“My father was unwell and I was in need of an ambulance. So, I called my family doctor who called the hospital and arranged the same,” said my close friend. Well, in his case, the doctor was available and so he could arrange the ambulance. But what if your family doctor is not reachable? What do you do then? Google for the numbers of the hospitals or call our near and dear ones for help.
But medical services in Mumbai are now getting tech savvier. Booking an ambulance is now a click away. This is similar to ordering a pizza or booking a cab. Two apps which are ambulance aggregators have made lives easier, when it comes to calling an ambulance. Mumbai resident Jeetu Lalwani felt the need for such a service when he had to the call an ambulance for his ailing father and was not able to locate one. He then brainstormed with his partner Nilesh Mahambre and launched the ‘Dial4242’ app.
“Our motto is to help out the person who faces a dilemma when it comes to calling an ambulance. It is just like any other app which helps you book a cab. Here, once you download the app, one has to fill in personal details. Once you do so, our app tracks through GPS. So, once you request for an ambulance, our app detects five nearest drivers, out of which one will reach your doorstep," says the Dial4242 founder.
One has the option of choosing the type of ambulance and accordingly get a fare estimate. The founders are now planning to tie up with hospitals that will not only provide the ambulances but will treat the patients as well. Currently, Dial4242 has a tie up with the Wockhardt Hospital in Dahisar which will give CPR training to the ambulance drivers who can help patients in cardiac emergencies. The founders get a 20 per cent commission per trip and the user can download the app for free.
Another app is the HELP app which is over two years old. This app is a bit different from Dial4242 because it not only focuses on ambulance services but also helps one to accesses chemists, hospital lists. “We know the pain of calling for an ambulance and not getting any. We have more than 900 ambulances on call and have tied up with many hospitals as well. Along with this, we have tied up with government hospitals which provide users access to the government's SOS medical service - 108. When a user connects through our app, he gets the contact details of the driver, whom they can coordinate with,” explains Karan Desai, founder, HELP app.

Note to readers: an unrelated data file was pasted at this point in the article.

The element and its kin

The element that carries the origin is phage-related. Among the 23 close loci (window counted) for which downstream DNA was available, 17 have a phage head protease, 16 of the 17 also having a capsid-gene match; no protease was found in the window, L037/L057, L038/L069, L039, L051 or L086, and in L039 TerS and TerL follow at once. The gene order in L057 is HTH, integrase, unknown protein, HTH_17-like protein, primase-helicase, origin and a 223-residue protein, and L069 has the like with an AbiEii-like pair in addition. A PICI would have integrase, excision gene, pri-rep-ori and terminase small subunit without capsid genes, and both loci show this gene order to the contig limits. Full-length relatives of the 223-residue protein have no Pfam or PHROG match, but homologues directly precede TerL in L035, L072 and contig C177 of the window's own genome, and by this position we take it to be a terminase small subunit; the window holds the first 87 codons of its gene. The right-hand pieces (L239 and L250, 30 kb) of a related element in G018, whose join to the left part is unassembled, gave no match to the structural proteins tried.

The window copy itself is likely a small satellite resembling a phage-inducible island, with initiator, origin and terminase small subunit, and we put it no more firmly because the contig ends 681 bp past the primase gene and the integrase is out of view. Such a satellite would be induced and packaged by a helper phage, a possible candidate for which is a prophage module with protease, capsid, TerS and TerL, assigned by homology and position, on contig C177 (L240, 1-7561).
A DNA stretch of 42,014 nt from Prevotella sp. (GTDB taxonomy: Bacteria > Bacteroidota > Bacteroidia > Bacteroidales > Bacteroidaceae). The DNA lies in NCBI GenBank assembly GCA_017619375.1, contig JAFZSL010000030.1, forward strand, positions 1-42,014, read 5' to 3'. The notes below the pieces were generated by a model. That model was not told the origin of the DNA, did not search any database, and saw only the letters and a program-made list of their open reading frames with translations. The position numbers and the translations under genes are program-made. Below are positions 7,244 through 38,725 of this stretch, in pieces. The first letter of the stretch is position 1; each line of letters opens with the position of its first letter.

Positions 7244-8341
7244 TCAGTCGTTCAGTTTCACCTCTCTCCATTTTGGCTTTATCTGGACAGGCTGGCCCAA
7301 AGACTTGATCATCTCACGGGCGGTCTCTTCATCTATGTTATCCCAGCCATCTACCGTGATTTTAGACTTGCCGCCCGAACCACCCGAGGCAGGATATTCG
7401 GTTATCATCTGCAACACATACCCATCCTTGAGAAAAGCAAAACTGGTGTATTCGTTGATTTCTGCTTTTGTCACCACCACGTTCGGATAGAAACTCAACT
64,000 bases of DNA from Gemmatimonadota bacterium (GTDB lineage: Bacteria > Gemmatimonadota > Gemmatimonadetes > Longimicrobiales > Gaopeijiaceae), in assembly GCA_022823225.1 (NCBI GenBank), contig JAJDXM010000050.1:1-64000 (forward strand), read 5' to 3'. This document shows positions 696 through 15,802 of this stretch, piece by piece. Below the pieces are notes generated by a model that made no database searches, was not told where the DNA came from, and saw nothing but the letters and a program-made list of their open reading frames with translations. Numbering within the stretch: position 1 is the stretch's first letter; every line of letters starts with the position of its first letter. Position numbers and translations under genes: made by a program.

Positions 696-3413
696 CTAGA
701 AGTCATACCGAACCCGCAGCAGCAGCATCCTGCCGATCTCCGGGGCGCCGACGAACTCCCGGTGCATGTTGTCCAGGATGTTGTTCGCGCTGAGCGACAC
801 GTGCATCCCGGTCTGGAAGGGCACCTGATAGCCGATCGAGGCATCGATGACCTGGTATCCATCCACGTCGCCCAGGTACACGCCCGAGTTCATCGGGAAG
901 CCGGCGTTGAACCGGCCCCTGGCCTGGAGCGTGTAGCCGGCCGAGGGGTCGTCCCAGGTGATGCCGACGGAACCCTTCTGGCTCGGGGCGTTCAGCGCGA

The state government is also keeping up with the private services and has come up wiith its own ambulance app. After downloading ‘Dial 108 BVG MEMS Helpline’, one can call an ambulance or send a message through it for one.
The apps could be a life saver in a time starved metropolis, but problems like traffic congestion will continue to plague their effectiveness.
Often, vehicles don't give way to ambulances. RADHEE Disaster and Education Foundation, which initiated the ‘Make way for an ambulance’ exercise in the city, had done a survey in 2013 which stated that out of 10 people, two die en route to hospital in an ambulance. However, Dr Rita Savla of RADHEE Foundation believes that the situation has improved. But she also stresses that the Green Corridor should be used for any emergency patient. “Heart transplants are very important but at the same time, for any other patient with emergency, medical attention is equally important. ‘Green Corridor’ should also be made for another patient who is suffering from heart attack or any other life threatening disease. At the same time, many ambulances are used to carry dead bodies which carry bacteria. Now, this is harmful to other patients who travel in the same ambulance. So, fumigation is very important and ambulance authorities should ensure it is carried out often,” says Dr Savla.
The apps could just be what the doctor ordered to help the Golden Hour a tad more fruitful. The question is - will Mumbai's roads and traffic make way for the saviours?